Arcadia is definitely the odd in one out in this list, but it’s such a cool and promising project that it wouldn’t stand not to mention it. Most readers of this blog will know that there is a JVM and a Javascript based version of Clojure, but there’s a lesser known implementation called ClojureCLR, targeting Microsoft’s Common Language Runtime, the virtual machine that powers .NET.

This is what enabled Arcadia to integrate Clojure with Unity, a bona fide A-level professional game development environment. This also means the workflow is a bit other than usual. Unity comes with its own coding environment, and to get started with Arcadia you clone the Arcadia source into your Unity project, although this might change as the project matures.

Unity is a commercial offering, it is not free software/open source, but there’s a free plan for hobby use.

Documentation is still limited, but there are a handful of wiki pages that do seem to contain all you need to get rolling.

Arcadia is development by Tim Gardner and Ramsey Nasser from Kitchen Table Coders, the same group that David Nolen is part of.

Browser based

Now we come to the web part, games that are playable directly in your browser. Note that we already mentioned Quil at the top. Since it’s cross platform it really belongs in both categories.

To evaluate these libraries it’s good to first have a look at what powers them under the hood. Whatever superpowers they have will be inherited directly from whatever javascript library is driving them.

Some of these only provide a thin wrapper for Clojurescript, meaning they don’t bring anything new to the table, but merely provide a more idiomatic syntax, avoiding lots of interop calls. Others try to add value of their own.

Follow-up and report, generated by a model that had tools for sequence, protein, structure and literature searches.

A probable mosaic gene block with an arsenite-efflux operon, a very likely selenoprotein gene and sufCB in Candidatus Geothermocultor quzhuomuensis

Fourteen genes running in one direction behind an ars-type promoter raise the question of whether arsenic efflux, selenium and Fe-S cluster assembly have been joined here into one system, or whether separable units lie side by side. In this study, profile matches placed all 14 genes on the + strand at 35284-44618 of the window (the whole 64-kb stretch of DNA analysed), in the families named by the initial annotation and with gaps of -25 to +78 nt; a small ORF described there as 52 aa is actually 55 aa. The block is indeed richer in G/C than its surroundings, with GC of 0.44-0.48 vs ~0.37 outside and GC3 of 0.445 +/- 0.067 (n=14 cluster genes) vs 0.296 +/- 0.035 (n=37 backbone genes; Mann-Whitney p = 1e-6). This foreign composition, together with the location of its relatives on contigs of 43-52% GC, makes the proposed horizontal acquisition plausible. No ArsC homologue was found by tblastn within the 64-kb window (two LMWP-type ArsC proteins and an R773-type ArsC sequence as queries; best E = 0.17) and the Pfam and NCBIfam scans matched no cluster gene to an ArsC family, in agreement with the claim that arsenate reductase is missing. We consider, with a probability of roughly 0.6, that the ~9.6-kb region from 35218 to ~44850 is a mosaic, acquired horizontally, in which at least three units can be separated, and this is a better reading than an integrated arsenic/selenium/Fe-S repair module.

Platforms: browser
Based on: p5.js Maturity: 👶
Documentation: 🤔

P5.js is a reimagination of Processing.js, the library Quil is based on. It wants to “make coding accessible for artists, designers, educators, and beginners”. That’s a great goal, but just like with Quil this means that handy features specifically for game development are a bit thin on the ground.

Play-cljs seems to mostly be a thin wrapper around p5.js, although it’s possible the author plans to build more gaming features in. Note that despite the one letter difference, play-clj and play-cljs are completely different animals, with completely different feature sets and APIs.

Zach tends to do a pretty good job at documenting things, although there’s no step-by-step tutorial in this case. You do get a bunch of example games, and generated API docs, which for such a minimal library really might be enough.


Platforms: browser
Based on: Pixi.js
Maturity: 👶
Documentation: 😠

Chocolatier seems pretty impressive, it’s based on Pixi.js which prizes itself at being “the fastest, most flexible 2D WebGL renderer”. It has few hundred Github stars, and it seems a lot of thought has gone into its design. The author even did a conj talk about Functional Game Design, and the README talks a lot about its “modified entity component system”, but I’m really missing a gentler introduction on how to actually use the thing.

There’s a big example in the README that’s more or less provided without comment. There’s a documentation folder, with a single file, containing a single line: “TODO: write great documentation”.

It’s really unfortunate, I feel like if I had a day or two to sink my teeth into this, preferrably well rested and with few distractions, I could get to a point where I could have a lot of fun with it. Sigh… oh well, I guess as a creator of accessible technical content it’s good to know there’s still plenty of work to be done.


Platforms: browser
Based on: Phaser
Maturity: 👶
Documentation: 🤔

Phzr is just a thin wrapper around Phaser, one of the more popular Javascript game engines. Documentation is limited, and instead you’re simply referred to the Phaser docs. This of course is the benefit of thin wrappers, as long as the underlying library is well documented you’re all golden. So I think this actually would make a pretty good choice, although the question is if you really need a wrapper then.